Age of Acquisition Affects Word Retrieval in Spontaneous Speech produced by Patients with Alzheimer's Disease

Abstract : Typical assessment of language in Alzheimer's disease typically relies on experimental tasks such as confrontation naming or fluency tasks. These widely used methods show several advantages such as rapidity of assessment, standardization and good control for a set of important psycholinguistic variables. However some studies suggest that analysis of discourse may be better than naming tasks for assessing everyday word-finding difficulties in elderly adults (Schmitter-Edgecombe et al. (2000). Several psycholinguistic variables are known to affect word retrieval on both normal and pathological populations among which Age of Acquisition (henceforth AoA): words acquired earlier are easier and faster to process than words acquired later (Bates et al., 2001; Hodgson & Ellis, 1998; Lymperopoulo et al., 2006). This variable has so far received little attention in the Alzheimer's population although it has been proposed as an early marker of the disease (Forbes-McKay, et al., 2005) Twenty participants diagnosed with Alzheimer's disease and twenty healthy controls matched for age, sex, level of education and socioeconomic status participated in our study. Spontaneous speech data were elicited by asking participants about biographical details. Any silence exceeding 200 ms was coded as a silent pause. Filled pauses, vocalic lengthenings and hesitations were also measured. These different dysfluencies were used to identify words prone to retrieval difficulty. For each text, a number of problematic words were identified, and a set of the same number of unproblematic words was randomly selected. 49 native French-speaking adults rated AoA on a 7-grade scale for the two word lists. In addition the frequency of each word was computed using the Lexique Database (New et al., 2004). Results reveal that problematic and non-problematic words do not significantly differ in frequency. Similarly no effect of frequency is observed between the two groups of participants. Turning to AoA, we find a group effect: problematic words produced by patients are acquired significantly later than the ones produced by healthy subjects. Similarly, in the Alzheimer's group, problematic words are acquired significantly later than non-problematic words while the difference is not significant in the control group. We discuss our results in the framework of the retrogenesis hypothesis (Reisberg, Franssen, Auer, Akram & Kenowsky, 2002).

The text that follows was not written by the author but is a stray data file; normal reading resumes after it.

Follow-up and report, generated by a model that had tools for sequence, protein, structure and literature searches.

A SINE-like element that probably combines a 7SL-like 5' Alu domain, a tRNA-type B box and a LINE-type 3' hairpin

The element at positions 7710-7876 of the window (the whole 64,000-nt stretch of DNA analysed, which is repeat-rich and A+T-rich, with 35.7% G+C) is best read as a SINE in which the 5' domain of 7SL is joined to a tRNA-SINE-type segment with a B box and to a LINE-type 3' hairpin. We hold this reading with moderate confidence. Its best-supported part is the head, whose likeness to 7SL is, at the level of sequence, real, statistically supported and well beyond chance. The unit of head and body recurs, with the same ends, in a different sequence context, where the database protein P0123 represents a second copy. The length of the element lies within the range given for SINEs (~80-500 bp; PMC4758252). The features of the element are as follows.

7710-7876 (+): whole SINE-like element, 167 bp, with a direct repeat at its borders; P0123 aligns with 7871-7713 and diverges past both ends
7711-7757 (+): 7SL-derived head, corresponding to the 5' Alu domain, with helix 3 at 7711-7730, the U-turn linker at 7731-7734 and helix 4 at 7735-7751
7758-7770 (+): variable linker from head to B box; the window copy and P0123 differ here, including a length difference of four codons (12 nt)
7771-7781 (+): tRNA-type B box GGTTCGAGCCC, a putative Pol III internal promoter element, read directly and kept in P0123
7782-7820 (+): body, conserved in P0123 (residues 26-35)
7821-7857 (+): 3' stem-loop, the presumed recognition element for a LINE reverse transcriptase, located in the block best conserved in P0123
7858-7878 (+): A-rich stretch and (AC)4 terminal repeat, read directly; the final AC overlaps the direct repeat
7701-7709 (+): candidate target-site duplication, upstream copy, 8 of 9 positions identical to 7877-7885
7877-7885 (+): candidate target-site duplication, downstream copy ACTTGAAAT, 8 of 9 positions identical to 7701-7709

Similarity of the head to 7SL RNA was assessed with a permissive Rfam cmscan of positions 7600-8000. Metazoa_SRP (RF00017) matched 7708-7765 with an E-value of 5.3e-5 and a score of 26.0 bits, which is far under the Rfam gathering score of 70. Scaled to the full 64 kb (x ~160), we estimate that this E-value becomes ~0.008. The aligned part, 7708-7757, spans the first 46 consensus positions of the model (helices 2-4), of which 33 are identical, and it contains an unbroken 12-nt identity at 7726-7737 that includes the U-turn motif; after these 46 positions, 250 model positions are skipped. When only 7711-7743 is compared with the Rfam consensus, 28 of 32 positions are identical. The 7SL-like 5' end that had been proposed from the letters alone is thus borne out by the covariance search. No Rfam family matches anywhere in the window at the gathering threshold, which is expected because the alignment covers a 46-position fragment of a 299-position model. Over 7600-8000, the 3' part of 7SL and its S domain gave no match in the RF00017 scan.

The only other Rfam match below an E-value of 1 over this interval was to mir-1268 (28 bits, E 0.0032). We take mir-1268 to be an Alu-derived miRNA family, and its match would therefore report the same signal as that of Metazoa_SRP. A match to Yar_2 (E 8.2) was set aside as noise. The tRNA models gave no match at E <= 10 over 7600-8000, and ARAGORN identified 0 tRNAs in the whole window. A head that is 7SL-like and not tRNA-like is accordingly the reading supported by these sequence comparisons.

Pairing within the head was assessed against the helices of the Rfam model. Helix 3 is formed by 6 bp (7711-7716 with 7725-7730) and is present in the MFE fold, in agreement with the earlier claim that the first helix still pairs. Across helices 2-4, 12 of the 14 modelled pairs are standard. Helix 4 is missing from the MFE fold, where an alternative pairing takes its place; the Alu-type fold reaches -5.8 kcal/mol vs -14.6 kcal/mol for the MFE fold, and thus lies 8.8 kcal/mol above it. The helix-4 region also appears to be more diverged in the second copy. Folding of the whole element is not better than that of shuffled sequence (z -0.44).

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Contributor : Melissa Barkat-Defradas <>
Submitted on : Monday, January 21, 2013 - 5:17:52 PM
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Frederique Gayraud,, Clément Thibert, Melissa Barkat-Defradas. Age of Acquisition Affects Word Retrieval in Spontaneous Speech produced by Patients with Alzheimer's Disease. Perspectives neuropsycholinguistiques sur l'Aphasie 2013, Jun 2012, Toulouse, France. ⟨halshs-00779151⟩



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